Half of Brazilians oppose their nation hosting the Olympic Games, according to a new survey.
A Datafolha poll of 2,792 Brazilians reports that 50 percent of the country opposes the event, 40 percent support it, and nine percent expresses indifference.
Disinterest appears greatest among women, older Brazilians, southerners, and the less educated. “During the period, the disinterest with the Olympics grew,” the poll takers note of the period from 2013 to now. “The Brazilian rate that declared they have no interest in the sporting event rose from 28% to 51%. Already, the rate of much interest decreased from 35% to 16% and the rate of a bit of interest was 37% to 33%.”
The specter of crime, the Zika virus, polluted waters, and infrastructure problems all haunt the games. Brazilians worry that one or more of these issues might bring embarrassment to their nation.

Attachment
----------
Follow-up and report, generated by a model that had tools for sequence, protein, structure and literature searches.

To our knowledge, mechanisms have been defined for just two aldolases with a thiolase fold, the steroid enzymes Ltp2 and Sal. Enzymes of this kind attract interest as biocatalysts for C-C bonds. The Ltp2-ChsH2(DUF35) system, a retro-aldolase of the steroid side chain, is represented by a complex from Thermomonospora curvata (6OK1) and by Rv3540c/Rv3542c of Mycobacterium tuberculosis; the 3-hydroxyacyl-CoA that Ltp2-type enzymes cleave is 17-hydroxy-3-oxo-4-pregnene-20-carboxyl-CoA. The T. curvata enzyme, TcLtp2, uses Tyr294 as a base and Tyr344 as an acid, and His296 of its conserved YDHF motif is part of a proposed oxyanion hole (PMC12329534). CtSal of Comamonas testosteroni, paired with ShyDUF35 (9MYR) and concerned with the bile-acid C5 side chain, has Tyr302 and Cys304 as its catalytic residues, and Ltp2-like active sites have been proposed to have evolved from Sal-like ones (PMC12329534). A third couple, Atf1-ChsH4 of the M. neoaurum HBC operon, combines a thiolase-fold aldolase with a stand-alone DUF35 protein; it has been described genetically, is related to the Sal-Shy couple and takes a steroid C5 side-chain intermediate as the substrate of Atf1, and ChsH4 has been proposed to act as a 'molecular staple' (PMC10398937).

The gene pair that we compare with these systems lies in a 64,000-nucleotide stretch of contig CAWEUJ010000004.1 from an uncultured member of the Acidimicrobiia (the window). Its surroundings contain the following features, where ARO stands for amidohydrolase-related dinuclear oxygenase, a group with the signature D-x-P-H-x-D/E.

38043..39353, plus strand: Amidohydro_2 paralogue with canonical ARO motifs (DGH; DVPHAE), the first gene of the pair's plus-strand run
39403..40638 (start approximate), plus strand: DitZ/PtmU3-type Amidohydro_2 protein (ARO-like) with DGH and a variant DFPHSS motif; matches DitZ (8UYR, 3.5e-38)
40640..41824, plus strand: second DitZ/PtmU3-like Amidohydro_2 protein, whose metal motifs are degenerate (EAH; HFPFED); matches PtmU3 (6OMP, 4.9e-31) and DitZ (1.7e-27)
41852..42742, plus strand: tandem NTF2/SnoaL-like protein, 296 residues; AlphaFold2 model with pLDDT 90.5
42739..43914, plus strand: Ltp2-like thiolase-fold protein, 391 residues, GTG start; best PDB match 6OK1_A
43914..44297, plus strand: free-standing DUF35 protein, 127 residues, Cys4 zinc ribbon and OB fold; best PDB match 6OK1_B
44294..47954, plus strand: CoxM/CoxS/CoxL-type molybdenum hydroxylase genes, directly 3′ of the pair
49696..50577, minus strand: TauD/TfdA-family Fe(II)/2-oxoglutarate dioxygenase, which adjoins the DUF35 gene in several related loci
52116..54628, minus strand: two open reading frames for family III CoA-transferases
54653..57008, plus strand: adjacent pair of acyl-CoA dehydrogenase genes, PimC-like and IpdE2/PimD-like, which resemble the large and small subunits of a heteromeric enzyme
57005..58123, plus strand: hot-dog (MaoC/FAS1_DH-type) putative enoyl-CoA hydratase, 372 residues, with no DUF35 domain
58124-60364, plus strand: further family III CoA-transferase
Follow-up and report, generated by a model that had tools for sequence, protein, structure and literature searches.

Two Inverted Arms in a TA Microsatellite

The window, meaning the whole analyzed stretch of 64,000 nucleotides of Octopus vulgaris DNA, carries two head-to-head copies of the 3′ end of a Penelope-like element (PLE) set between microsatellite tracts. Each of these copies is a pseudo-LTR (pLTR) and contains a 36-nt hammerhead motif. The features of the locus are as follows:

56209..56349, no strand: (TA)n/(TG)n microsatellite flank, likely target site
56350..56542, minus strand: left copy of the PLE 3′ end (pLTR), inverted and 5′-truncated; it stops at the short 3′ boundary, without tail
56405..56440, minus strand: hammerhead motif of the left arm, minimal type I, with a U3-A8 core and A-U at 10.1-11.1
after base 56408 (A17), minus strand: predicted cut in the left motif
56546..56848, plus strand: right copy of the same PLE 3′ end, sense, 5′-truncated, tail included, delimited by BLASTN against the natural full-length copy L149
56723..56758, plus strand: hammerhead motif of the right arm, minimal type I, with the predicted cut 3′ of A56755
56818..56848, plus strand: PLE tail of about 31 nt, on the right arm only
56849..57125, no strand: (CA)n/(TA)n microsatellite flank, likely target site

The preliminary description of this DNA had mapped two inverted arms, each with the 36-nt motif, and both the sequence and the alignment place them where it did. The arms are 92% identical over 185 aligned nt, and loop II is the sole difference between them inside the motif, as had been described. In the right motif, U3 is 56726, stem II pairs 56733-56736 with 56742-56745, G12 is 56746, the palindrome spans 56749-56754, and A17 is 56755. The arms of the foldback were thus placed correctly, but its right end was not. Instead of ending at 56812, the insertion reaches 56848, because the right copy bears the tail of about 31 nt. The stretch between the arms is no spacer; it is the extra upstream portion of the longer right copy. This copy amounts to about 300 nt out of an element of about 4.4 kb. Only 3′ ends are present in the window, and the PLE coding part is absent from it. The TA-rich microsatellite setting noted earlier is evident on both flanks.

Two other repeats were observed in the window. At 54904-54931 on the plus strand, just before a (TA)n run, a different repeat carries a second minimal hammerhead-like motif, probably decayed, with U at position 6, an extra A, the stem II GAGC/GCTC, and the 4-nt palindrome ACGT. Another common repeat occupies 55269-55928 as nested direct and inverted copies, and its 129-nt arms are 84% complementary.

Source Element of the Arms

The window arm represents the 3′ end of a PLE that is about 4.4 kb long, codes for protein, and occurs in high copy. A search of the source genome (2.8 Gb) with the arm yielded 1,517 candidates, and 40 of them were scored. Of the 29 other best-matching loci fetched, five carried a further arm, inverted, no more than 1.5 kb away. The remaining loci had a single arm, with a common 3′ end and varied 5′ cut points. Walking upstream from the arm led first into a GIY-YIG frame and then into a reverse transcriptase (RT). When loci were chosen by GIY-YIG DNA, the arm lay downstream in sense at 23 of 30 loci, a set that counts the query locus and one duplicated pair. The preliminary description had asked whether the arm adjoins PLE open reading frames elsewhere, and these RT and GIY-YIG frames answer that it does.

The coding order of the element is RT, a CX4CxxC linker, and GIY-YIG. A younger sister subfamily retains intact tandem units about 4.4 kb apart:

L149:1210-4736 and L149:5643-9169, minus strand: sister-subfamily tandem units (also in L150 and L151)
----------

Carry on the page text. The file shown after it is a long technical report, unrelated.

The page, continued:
A Google translation of the original article notes that “63% said that holding the Olympics in Rio de Janeiro brings more harm than benefits for Brazilians (was 38%), 29% which brings more benefits than losses (it was 51% ), and 8% did not answer (was 11%). The same occurs when the situation is placed personal. For 51%, the Games brings more harm than good to himself (was 37%) to 19% more benefits than losses (was 46%) and 30% did not answer (was 17%).”
The response to the poll represents a reversal of sorts for Brazilians, who harbored high hopes for the Olympics but in the wake of recession and political instability now view the games more grimly. In 2013, 64 percent of Brazilians supported bringing the games to their country while only 25 percent opposed.